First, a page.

It’s difficult to write about desire in a way which feels wholly new, but that’s something author April Ayers Lawson does repeatedly in her debut book. There’s a persistent sense in these five short stories that young people have access to a multitude of sexual imagery and opportunities. They are either totally sheltered from sex or there is a presumption that they know how to emotionally deal with the more mature aspects of sexuality. Yet their innocence and naivety leave them unprepared to accept the physical reality of sex and its consequences. Lawson has a fascinating way of describing the separation between people’s intentions and the outcomes of their unwieldy romantic and sexual yearnings. She does this through poignant imagery and layering complicated feelings between her characters. It’s apt that the title story ‘Virgin’ is what this book is named after because the feeling of purity cut through with the startling reality of intimate encounters recurs throughout each story.
Often people who ought to be the object of desire are passed over for people the characters find themselves unexpectedly attracted to. In ‘Virgin’ a married man finds himself inappropriately staring at the breasts of a cancer survivor, in ‘Three Friends in a Hammock’ women press against each other in an intimate space while gossiping about their complicated private lives and in 'The Way You Must Play Always' teenager Gretchen is drawn to a much older man who is terminally ill. I found it really effective the way Lawson shows how desire is much more complicated than it appears on the surface. In real life the object of desire isn’t necessarily who you imagine you’d be drawn to. Teenage boy Conner is both intrigued and repulsed by his mother’s transvestite friend Charlene in ‘The Negative Effects of Homeschooling’. He steals a book with paintings by Andrew Wyeth that contains art which isn’t immediately sexy, but what he finds seductive about these paintings are the representation of the physical weight and reality of the woman Wyeth repeatedly painted. In the final story ‘Vulnerability’ at one point the main character is shown paintings by an artist who depicts scenes of garish violence that he imagines occurring between people in the South (rather than any experiences he’s witnessed). There’s a disjuncture throughout this book between the reality of actions/emotions/experiences and how they are envisioned in people’s minds.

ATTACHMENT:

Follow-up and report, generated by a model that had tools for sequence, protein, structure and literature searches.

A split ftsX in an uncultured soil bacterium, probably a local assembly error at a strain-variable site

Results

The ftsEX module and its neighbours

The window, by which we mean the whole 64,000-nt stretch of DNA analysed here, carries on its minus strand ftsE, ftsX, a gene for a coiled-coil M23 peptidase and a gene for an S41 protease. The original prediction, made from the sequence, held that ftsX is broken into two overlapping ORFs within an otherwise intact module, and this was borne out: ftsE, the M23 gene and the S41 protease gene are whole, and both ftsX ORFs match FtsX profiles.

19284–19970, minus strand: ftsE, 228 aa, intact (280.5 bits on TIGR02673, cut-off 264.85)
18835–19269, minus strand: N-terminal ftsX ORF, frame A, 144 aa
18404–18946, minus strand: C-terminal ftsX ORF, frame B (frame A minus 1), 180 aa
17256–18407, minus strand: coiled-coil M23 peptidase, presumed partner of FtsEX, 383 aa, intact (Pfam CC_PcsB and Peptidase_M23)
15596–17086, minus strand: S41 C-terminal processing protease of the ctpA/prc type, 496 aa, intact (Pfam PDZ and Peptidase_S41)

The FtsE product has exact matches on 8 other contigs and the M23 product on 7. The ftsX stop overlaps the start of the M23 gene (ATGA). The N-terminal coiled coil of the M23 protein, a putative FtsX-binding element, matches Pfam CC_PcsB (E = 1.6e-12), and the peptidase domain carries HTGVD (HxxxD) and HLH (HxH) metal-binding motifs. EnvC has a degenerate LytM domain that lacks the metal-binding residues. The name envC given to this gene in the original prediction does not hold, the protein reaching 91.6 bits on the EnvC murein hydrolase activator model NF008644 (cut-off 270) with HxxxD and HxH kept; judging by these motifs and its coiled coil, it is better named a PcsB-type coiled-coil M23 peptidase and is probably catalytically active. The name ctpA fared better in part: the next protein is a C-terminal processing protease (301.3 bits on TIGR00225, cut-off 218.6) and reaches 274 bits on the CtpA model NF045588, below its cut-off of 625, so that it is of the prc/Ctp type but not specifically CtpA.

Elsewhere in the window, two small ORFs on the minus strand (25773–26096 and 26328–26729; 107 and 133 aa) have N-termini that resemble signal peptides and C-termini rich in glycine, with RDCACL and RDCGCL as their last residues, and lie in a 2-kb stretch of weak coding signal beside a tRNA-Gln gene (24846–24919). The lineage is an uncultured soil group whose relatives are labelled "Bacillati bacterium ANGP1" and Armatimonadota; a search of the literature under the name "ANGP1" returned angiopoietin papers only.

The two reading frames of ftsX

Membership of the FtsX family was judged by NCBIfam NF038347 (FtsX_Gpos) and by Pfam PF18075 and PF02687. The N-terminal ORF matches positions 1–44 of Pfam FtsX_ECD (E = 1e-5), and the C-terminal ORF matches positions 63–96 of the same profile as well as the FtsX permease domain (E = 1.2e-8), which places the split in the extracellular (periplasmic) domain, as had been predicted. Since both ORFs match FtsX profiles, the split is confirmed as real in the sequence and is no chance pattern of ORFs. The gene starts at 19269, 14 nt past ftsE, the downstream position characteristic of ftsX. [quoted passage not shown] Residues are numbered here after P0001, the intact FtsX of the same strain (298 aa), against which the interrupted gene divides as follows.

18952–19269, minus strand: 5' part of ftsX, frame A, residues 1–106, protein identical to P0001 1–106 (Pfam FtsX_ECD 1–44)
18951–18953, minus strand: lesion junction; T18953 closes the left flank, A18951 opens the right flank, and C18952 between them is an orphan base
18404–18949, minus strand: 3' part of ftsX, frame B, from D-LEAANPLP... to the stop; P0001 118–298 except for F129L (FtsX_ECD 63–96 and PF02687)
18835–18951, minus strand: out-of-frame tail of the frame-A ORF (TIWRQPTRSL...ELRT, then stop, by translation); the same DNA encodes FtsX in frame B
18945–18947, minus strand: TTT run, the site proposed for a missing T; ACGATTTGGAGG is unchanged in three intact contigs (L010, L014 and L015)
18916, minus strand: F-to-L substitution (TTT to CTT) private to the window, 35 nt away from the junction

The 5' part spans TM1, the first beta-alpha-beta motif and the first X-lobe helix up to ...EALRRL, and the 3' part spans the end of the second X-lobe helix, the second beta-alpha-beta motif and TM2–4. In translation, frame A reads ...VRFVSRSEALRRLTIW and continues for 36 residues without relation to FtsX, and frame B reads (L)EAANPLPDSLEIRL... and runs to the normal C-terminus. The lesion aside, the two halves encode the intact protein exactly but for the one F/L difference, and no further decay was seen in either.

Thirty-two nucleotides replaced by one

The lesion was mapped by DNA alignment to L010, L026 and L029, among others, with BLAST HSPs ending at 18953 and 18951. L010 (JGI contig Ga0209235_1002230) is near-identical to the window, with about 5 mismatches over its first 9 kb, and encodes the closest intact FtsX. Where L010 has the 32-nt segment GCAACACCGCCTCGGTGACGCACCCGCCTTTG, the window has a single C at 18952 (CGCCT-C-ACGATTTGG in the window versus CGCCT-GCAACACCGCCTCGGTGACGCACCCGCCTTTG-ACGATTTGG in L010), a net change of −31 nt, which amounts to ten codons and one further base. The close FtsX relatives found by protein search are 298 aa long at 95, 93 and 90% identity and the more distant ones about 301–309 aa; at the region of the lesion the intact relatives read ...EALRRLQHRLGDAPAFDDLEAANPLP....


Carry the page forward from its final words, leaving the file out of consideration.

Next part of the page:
It’s interesting reading an author who clearly comes out of an established tradition of writing from the American South – at times parts of these stories made me think of Eudora Welty or Flannery O’Connor – but Lawson’s subjects are much more modern and her influences wide-ranging: one story begins with a quote from Margaret Atwood. The themes of humorous sexual confusion reminded me slightly of Patrick Ryan’s wonderful stories from “The Dream Life of Astronauts”. April Ayers Lawson gives such a lively and refreshing slant on the peculiar reality of people’s relationships to each other that I found “Virgin and Other Stories” often surprising, enlightening and a pleasure to read.